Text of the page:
Poverty pulling children into crime, MP warns

The latest report by Wansbeck MP Ian Lavery on poverty in Northumberland has claimed rising deprivation is allowing gangs to 'manipulate' youngsters into the drug trade.

By James Harrison
Monday, 13th September 2021, 3:22 pm
Updated Tuesday, 14th September 2021, 5:01 pm
MP Ian Lavery says young people are being lured into a life of crime due to rising levels of poverty.
MP Ian Lavery says young people are being lured into a life of crime due to rising levels of poverty.

Mr Lavery, a former chairman of the party who has represented the Wansbeck constituency since 2010, claims levels of deprivation have surged faster here than anywhere else in the UK between 2014 – 2020.

And he warned more pain could be on the way due to the impact of the coronavirus pandemic.

“A toxic mixture of low wages, lack of opportunity, and a hollowing out of our public institutions and infrastructure on the back of a brutal decade of austerity has left our communities on their knees,” he said.

“Most people simply want a secure fulfilling job, a home they can call their own and the opportunity to raise a family, yet this modest goal is becoming unattainable for too many young people growing up in our region.”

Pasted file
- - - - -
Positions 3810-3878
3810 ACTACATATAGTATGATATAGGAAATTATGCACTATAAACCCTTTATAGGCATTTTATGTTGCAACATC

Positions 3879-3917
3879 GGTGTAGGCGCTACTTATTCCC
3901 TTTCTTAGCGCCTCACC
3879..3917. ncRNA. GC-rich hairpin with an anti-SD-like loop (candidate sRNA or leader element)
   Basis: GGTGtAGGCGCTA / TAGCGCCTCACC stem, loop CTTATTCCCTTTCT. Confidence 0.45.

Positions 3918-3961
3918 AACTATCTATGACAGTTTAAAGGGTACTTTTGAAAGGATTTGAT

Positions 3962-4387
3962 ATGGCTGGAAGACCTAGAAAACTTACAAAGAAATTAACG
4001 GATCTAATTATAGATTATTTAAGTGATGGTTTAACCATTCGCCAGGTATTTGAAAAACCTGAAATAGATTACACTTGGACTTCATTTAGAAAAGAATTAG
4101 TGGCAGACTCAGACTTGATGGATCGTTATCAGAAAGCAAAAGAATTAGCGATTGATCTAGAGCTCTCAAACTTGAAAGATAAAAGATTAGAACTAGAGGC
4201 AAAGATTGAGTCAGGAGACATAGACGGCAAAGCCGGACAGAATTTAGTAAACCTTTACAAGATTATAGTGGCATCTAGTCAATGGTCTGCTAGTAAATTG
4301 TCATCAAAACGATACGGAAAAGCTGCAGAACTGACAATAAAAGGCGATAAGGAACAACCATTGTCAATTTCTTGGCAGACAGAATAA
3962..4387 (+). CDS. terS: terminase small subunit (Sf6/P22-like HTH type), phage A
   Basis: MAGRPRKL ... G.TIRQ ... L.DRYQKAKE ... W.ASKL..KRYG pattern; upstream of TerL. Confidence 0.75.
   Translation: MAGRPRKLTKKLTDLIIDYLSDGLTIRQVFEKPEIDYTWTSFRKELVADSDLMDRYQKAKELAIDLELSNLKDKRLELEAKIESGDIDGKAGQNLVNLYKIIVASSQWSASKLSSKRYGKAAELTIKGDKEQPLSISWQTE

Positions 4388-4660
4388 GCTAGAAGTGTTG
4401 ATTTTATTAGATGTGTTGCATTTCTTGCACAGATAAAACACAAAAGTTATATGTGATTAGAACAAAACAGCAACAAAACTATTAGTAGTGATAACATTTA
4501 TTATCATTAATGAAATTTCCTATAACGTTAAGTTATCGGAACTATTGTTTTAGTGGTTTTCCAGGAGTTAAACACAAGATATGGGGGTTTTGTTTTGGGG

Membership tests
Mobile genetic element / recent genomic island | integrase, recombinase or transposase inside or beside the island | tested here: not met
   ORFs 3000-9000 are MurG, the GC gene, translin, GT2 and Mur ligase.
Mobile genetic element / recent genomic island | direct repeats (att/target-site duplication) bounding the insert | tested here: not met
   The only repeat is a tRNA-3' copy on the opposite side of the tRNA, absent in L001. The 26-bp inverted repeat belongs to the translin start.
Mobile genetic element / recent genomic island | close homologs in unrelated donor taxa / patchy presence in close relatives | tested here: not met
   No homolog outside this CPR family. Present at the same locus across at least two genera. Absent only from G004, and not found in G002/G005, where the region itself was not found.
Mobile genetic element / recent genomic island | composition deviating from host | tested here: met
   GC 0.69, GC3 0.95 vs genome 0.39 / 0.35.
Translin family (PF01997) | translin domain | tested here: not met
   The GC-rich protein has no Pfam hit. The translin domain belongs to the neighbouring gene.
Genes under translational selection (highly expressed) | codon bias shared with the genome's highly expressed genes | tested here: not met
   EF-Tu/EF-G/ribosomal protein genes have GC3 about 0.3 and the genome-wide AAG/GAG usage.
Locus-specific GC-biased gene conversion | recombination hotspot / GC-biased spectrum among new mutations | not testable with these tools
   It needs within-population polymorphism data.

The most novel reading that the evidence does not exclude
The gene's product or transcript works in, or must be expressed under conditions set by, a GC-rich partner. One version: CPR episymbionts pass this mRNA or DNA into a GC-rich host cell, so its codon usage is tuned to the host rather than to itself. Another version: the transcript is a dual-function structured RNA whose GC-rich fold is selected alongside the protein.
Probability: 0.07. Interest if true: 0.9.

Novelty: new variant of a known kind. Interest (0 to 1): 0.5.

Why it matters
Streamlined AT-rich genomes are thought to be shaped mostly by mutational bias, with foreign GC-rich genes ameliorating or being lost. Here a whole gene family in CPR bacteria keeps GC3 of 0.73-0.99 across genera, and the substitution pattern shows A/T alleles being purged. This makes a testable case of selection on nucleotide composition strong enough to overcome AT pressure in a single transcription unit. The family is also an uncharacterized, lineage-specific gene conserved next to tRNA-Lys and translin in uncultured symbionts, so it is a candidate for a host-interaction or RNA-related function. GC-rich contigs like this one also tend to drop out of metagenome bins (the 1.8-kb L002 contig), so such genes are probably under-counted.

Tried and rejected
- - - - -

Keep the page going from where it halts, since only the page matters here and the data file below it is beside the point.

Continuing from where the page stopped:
According to the findings, a ‘disturbing picture’ has emerged in many parts of Northumberland, especially in the south east of the county, with youngsters ‘easily manipulated by drug dealers offering them huge sums of money’.

The report, titled ‘A Way Out of the Dark? – Steps to a Better Future for Wansbeck’s Children’, claims: “With so few quality job opportunities, especially for those performing poorly in schools, it is easy to imagine how a child who sees no conventional route out of poverty through hard work may become involved in drugs.

“Once involved, it is incredibly difficult to break out, and the chronic underfunding of prisons has made them fertile ground for those looking to recruit more vulnerable young people for their organised crimes.”

The MP’s research has also suggested deprivation levels in the North East are the second highest in the UK, after London.

In the Wansbeck constituency, which is slated to be abolished in a proposed redrawing of the region’s political map, a third of all children – 5,079 – are believed to be living in poverty, up from a quarter five years ago.

Elizabeth Simpson, deputy leader of Northumberland County Council’s opposition Labour group, said: “The government has been sitting on its hands for over a decade while child poverty levels have been rocketing in our communities.

“Following the pandemic, child poverty levels are reaching a critical point.”